Results of a quality improvement study suggest that current time-based guidelines for prophylactic enoxaparin before neuraxial procedures may need to be amended.
Despite being more than 24 hours removed from a treatment dose of enoxaparin, nearly 60% of patients presenting for surgery had anti–factor Xa levels within the prophylactic or therapeutic range. Elderly patients appeared to be at particular risk, the authors noted, as over 80% of patients older than 70 years of age showed elevated anticoagulant activity. According to the researchers, monitoring anti–factor Xa levels after prophylactic enoxaparin administration could be a useful safeguard for patients receiving neuraxial anesthesia.
“Our findings suggest that the current time-based guidelines may not be as conservative as necessary and that laboratory testing for patients on enoxaparin may have more value than previously thought,” said James Turner, MD, a regional anesthesia and acute pain medicine fellow at Wake Forest Baptist Medical Center, in Winston-Salem, N.C.
As Dr. Turner reported, enoxaparin—a factor Xa inhibitor—is used to prevent and treat thromboembolism but also is commonly used off-label in the perioperative setting as a bridge for patients on chronic anticoagulation before surgery. Although current American Society of Regional Anesthesia and Pain Medicine (ASRA) guidelines recommend that a minimum of 24 hours should elapse following a treatment dose of enoxaparin before neuraxial procedures are performed, Dr. Turner said caution is warranted in patients who are elderly, low in weight or obese, and for patients with severe renal impairment.
After observing elevated anti–factor Xa levels in patients in clinical practice, Dr. Turner and his colleagues performed a prospective, quality improvement–based, observational study to investigate whether residual anticoagulant effect was still present at 24 hours after the last dose of enoxaparin in patients presenting for elective surgery.
After confirming the enoxaparin dose and the timing of the last administration for the 25 enrolled patients, they obtained a venous blood sample<2028>as close to 24 hours after the last dose as possible. Anti–factor Xa levels were then calculated using a chromogenic assay, a hybrid calibration curve for heparin and enoxaparin, and a BCS XP Coagulation Analyzer (Siemens Healthineers).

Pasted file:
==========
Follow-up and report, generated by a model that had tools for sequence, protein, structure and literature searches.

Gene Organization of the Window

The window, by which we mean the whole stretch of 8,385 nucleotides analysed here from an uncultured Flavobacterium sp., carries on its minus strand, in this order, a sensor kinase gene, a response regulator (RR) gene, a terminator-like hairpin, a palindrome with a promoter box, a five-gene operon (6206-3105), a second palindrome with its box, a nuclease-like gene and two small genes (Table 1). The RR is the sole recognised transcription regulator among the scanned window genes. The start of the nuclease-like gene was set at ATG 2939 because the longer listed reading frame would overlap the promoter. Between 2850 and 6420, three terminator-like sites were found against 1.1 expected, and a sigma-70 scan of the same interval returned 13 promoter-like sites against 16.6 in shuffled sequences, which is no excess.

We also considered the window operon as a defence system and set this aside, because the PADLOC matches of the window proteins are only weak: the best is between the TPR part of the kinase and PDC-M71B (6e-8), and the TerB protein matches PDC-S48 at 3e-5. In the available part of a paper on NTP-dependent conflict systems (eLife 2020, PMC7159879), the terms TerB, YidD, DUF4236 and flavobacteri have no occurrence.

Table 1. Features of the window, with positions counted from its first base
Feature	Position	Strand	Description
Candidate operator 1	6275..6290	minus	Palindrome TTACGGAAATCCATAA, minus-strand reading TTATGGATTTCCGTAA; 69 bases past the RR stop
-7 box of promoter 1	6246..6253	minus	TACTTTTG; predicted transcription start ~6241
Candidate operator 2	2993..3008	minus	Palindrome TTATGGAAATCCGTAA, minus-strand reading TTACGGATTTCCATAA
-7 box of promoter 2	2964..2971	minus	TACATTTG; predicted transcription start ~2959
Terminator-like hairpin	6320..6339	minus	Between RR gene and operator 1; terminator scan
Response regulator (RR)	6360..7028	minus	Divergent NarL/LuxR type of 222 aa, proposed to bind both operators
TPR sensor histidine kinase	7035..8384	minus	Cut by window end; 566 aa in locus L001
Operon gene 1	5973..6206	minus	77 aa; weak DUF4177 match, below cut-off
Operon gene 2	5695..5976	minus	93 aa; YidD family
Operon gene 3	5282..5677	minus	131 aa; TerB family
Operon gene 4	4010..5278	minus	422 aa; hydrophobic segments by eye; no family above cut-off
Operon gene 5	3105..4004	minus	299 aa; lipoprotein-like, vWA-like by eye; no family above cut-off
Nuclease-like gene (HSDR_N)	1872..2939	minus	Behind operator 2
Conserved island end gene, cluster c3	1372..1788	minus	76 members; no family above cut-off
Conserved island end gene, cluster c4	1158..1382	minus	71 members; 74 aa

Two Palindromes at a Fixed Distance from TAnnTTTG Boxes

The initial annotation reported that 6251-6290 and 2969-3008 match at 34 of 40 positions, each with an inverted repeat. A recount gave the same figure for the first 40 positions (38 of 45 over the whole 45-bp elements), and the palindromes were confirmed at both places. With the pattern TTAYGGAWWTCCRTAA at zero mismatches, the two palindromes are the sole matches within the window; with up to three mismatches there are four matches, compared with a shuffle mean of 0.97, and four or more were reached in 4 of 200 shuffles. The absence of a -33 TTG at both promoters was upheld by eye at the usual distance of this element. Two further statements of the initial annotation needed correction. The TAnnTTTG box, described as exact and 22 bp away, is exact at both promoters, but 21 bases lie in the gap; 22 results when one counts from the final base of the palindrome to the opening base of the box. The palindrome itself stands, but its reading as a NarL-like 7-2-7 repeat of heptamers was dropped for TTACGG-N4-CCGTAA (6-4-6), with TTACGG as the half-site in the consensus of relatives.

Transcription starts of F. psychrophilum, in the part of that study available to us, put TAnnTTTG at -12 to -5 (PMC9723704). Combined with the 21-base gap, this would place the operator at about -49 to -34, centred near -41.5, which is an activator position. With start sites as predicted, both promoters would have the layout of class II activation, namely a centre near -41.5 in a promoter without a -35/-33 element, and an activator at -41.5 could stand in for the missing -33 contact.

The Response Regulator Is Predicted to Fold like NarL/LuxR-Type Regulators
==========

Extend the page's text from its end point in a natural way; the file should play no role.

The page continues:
Six of the 25 patients were excluded because they were prescribed other anticoagulants that would have affected laboratory results.
As Dr. Turner reported at the 2017 annual meeting of ASRA (abstract 3379), investigators found that 58% of patients (10/19) had anti–factor Xa levels above a prophylactic or therapeutic range despite having met the 24-hour guideline.
Age was a significant factor, said Dr. Turner, as 83% (10/12) of patients who were aged 70 years or older had levels that were in the prophylactic or therapeutic peak target range, despite having waited at least 24 hours since their last dose. In addition, only one patient younger than 70 was above the prophylactic range for anti–factor Xa level.
Finally, investigators also observed a trend demonstrating that patients with increasing serum creatinine values had increased anti–factor Xa levels.
“As creatinine clearance decreases, the effect of enoxaparin is seen to be prolonged as evidenced by elevated anti-Xa levels,” Dr. Turner explained. “For this reason, we found that even patients with mild or moderate renal impairment may be at risk, not just those with severe renal impairment.”
According to Dr. Turner, these findings suggest that anti–factor Xa level monitoring as found in other specialties might be useful following enoxaparin administration.
“This begs the question of whether we should be using anti-Xa levels in the same way that we use INRs [international normalized ratios] for patients on warfarin or a partial thromboplastin time for patients on heparin,” Dr. Turner said. “Anti-Xa level monitoring may help ensure that excessive residual anticoagulant effects are not present before high-risk invasive procedures are performed.”
Dr. Turner emphasized that further investigation is needed to determine the threshold of residual anticoagulant activity that places a patient at risk for neuraxial bleeding. Researchers at Wake Forest Baptist are planning a larger prospective study to explore whether a longer time interval can provide more confidence of minimal residual anticoagulant activity.
Still, Katharine H. Fleischmann, MD, assistant professor of anesthesiology at Massachusetts General Hospital, in Boston, questioned the ease of using anti–factor Xa levels for patient monitoring.
“How cooperative was your laboratory setting in obtaining a factor Xa assay, and how can we bring that opportunity not just to large institutions like ours but to the community?” Dr. Fleischmann asked.
“Once our labs get the sample, it takes approximately 10 minutes to run the test,” Dr. Turner said. “You wait longer for an INR, which we do for warfarin, than you do for this assay. We suggest that maybe it’s time to do the same thing for enoxaparin that you do for warfarin. I don’t know what percentage of smaller hospitals have the assay necessary to do this, but at our institution, it’s a pretty reasonable amount of time.”